Unlike other stegosaurs, the vertebral column of Huayangosaurus does not appear so strongly flexed upwardly behind the head nor are the neural arches as high. There are large openings on the dorsal surface of the sacrum, the ilium has a very small antitrochanter, the prepubic process is short, all limbs are robustly constructed, and the femur is relatively short (as compared with the remainder of the hindlimb). In addition, the toes of the hindfoot appear to have been slender and somewhat more splayed apart than in other stegosaurs. Finally, running down the back of the neck and along the dorsal aspect of trunk are two rows of osteoderms, each shaped like a blunt, conical spine. There is also a lateral row of oval, keeled osteoderms across the trunk, absent in other stegosaurs but much like those in more primitive thyreophorans. At the tip of the tail, there are two pairs of tall spines, while over each shoulder is a sharp parascapular spine.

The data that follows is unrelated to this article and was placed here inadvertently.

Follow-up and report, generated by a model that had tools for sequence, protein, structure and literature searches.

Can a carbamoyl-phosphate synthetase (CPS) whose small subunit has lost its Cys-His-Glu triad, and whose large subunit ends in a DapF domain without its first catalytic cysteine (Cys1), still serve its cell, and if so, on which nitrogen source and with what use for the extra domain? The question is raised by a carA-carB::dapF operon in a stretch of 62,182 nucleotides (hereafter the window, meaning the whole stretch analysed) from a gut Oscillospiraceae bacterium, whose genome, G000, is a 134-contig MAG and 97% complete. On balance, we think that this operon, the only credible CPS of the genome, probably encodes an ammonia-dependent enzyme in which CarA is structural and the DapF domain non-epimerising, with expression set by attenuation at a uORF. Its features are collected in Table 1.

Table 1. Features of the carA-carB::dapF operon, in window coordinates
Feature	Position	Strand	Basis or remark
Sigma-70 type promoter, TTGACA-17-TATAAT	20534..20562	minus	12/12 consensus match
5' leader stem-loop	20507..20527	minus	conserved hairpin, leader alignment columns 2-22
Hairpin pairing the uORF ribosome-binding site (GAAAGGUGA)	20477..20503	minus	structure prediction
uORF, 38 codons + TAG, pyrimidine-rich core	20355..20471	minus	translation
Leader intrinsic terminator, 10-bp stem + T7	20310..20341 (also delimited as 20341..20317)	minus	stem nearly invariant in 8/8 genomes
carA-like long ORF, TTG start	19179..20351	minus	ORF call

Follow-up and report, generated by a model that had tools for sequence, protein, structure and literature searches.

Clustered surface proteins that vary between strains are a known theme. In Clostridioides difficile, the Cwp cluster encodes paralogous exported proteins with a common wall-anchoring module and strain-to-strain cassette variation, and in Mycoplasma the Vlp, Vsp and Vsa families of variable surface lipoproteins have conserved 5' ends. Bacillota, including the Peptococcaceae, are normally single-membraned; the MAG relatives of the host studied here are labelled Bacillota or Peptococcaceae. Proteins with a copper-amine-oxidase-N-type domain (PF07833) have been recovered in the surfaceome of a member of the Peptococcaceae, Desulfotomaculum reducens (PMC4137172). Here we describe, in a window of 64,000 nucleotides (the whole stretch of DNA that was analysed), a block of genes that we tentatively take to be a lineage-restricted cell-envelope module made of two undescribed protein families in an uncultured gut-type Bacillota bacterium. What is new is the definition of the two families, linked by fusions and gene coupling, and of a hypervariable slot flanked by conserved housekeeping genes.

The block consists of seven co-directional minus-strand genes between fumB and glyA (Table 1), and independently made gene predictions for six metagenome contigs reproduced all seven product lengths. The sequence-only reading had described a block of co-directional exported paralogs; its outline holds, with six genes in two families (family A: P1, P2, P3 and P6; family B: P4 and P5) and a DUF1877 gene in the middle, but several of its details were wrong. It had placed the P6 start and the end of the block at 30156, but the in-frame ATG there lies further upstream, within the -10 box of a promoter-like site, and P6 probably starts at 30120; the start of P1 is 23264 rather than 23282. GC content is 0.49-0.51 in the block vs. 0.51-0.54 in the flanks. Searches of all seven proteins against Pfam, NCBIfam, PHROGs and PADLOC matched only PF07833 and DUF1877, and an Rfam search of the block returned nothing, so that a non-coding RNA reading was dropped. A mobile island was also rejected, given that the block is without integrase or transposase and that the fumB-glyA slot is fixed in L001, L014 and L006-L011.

Within a year of the description of Huayangosaurus, Dong and colleagues unleashed Chungkingosaurus, one of the smallest stegosaurs yet discovered (3-4 m long). Hailing from the Late Jurassic of Sichuan, the skull of Chungkingosaurus is relatively high, with large external nares. Unfortunately, we have no idea about the nature of the antorbital fenestra because only the front of the snout is preserved. Behind the head, the vertebral column is reasonably complete. The neural arches of these vertebrae are relatively short and the holes in the sacral shield are large, in both cases again more as in Huayangosaurus than in other stegosaurs. The osteoderms over the neck and most of the back are large, thick, and plate-like. These are gradually replaced by spine-like osteoderms on the tail. At the far end of the tail are four pairs of terminal tail spines. The pelvis is somewhat reminiscent of Huayangosaurus in having large openings on the dorsal side of the sacrum. In contrast, however, the lateral face of the ilium bears a medium-sized antitrochanter and the prepubic process is long.